The Codex Vaticanus is one of the oldest surviving copies of the Bible and only one of the four surviving codices that containing the entire text of the Greek Old and New Testament Bible.
The Codex is named after the Vatican Library, where it has been kept since at least the 15th century. It is written on 759 leaves of vellum in uncial letters and has been dated to 325–350.
Scholars consider the Codex Vaticanus to be one of the most important witnesses to the Greek text of the New Testament. The most widely sold editions of the Greek New Testament are primarily based on the text of the Codex Vaticanus.
The manuscript is in a quarto volume, composed initially of 830 parchment leaves, but it appears that 71 sheets have been lost.
The parchment is fine and thin. The Codex is written in three columns per page. In the poetical books of the Old Testament, there are only two columns to a page.
The lettering in the Codex is small and neat, without ornamentation or capitals. The Greek is written continuously; all the letters are equidistant from each other; no word is separated from the other; each line appears to be one long word.
There are no enlarged initials, no stops or accents, no divisions into chapters or sections such as are found in later manuscripts.
Page from Codex Vaticanus
The provenance and early history of the Codex are uncertain. Most probably, the book was brought to Rome from Constantinople around the time of the fall of the Byzantine Empire.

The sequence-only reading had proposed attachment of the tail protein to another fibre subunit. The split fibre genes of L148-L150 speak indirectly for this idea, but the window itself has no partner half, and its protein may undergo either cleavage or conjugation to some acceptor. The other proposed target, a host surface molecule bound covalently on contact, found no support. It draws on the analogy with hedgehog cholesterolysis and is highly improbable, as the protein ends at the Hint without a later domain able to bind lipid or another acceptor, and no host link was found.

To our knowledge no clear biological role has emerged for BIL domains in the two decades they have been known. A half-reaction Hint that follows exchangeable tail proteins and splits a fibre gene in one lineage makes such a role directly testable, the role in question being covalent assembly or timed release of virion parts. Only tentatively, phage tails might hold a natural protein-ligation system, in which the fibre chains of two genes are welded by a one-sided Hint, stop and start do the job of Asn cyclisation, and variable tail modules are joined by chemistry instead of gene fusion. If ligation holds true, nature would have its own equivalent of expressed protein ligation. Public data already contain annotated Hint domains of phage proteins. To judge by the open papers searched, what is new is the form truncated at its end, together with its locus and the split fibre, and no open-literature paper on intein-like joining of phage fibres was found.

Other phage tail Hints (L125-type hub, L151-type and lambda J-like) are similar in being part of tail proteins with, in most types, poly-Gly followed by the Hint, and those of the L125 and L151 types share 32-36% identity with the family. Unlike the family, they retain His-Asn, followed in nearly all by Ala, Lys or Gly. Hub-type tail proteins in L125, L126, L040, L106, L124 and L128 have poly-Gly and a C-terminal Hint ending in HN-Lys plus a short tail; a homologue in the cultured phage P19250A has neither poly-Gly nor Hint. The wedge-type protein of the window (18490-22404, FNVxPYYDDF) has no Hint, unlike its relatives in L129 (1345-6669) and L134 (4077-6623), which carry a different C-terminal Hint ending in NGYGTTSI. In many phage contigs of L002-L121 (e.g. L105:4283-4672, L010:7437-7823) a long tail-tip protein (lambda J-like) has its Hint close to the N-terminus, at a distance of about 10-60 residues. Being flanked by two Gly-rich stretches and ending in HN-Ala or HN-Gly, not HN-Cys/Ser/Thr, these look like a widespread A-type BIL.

The manuscript has been housed in the Vatican Library for as long as it has been known, possibly appearing in the library’s earliest catalog of 1475.
The original writing was re-traced by a later scribe in the 10th or 11th century, and the beauty of the original script was spoiled. Accents and breathing marks, as well as punctuation, have been added by a later hand.
Codex Vaticanus is one of the most important manuscripts for the text of the Greek Old Testament and the Greek New Testament. In 2015, a digitized copy of the Codex was available online from the Vatican Library.
Four Great Uncials
The great uncial codices are the only remaining uncial codices that contain or originally contained the entire text of the Greek Bible.